Corning is the process by which meal powder, or finely divided black powder, is compressed into cakes, crushed, and then screened by particle size into different size categories. This process alters the burn rate of black powder, giving it more flexibility for different applications.
In general corned BP (slightly wetted, pressed with a hydraulic press, let dry, crushed and screened) is nothing faster than hand-granulated or "riced" BP. Some people have shown that the opposite can be true.
However, corning offers some distinct advantages compared to riced gunpowder, the most important of these are:
- Measuring by volume is possible: You can load your devices using special spoons as there is no need to weigh it each time, etc.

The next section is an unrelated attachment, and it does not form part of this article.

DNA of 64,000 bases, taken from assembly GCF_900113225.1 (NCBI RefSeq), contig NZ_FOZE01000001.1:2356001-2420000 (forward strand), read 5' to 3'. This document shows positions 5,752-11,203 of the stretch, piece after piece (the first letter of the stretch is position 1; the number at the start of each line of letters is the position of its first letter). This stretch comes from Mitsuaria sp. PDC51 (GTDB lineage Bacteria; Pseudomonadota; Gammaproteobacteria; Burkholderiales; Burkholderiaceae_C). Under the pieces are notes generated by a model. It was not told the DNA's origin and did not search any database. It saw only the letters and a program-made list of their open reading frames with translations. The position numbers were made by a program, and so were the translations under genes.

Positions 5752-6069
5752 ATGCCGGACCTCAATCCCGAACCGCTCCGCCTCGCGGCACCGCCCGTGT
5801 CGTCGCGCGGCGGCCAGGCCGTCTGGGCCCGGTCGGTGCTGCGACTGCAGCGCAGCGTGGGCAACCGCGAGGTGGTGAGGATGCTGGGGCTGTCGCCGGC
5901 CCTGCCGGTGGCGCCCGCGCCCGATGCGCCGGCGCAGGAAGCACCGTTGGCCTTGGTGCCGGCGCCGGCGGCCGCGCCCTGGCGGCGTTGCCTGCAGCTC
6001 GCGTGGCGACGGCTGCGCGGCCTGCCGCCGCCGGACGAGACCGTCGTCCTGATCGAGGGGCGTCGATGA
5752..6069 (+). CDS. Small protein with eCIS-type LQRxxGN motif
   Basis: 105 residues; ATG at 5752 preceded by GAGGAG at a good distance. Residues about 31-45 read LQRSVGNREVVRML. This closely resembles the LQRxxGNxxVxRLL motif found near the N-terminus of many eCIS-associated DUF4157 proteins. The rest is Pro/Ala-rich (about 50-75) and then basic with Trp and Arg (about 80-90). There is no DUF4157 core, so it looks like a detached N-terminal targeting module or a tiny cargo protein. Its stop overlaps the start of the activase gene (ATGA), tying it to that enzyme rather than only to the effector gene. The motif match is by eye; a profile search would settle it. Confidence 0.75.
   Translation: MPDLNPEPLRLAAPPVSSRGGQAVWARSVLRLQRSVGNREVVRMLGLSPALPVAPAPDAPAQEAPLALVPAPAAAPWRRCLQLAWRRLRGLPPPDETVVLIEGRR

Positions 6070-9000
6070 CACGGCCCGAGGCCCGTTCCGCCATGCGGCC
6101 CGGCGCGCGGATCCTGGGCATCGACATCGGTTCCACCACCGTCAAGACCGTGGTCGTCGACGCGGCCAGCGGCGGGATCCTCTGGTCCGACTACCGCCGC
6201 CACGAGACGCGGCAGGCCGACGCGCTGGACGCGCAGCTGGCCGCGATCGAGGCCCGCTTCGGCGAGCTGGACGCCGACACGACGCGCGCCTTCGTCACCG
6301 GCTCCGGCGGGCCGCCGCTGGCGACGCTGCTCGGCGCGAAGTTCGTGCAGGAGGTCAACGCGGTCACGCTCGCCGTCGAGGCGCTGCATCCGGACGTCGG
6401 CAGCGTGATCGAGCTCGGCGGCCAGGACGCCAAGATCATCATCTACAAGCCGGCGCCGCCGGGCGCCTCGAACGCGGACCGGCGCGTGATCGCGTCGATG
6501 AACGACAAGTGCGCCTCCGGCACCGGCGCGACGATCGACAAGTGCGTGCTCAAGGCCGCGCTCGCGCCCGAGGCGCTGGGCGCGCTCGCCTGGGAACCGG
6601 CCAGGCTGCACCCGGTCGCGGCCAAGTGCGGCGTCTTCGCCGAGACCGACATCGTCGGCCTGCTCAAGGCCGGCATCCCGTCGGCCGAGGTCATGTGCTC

- the grains are much more durable and there is less dust
- more weight in a given volume: this is essential e.g. for breaking can shells and riced gunpowder may require boosters to give a hard break
In case you have a hydraulic press, I would go through the trouble. It´s not really that much work and the outcomes are really handy. If you don´t, you can also make good pyro, as corned BP is not essential in most cases.
Take your meal powder and wet the composition with roughly 5 to 10 percent of it's weight with water. Mix thoroughly and place into a die and compress with a hydraulic press until you form a solid cake. The idea is to give the black powder a density of 1.7 g/cc. It can be dried before or after the following step. Next you need to take the cake and break it up in a mortar and pestle or similar. This can be a dangerous operation and should be done in small amounts. You should use a full face shield, hair cover and heavy gloves. You can then screen by particle size into different sized categories for your intended purpose.Note that Black powder can be corned dry. The water does increase burn rate slightly but is not needed to produce hard grains.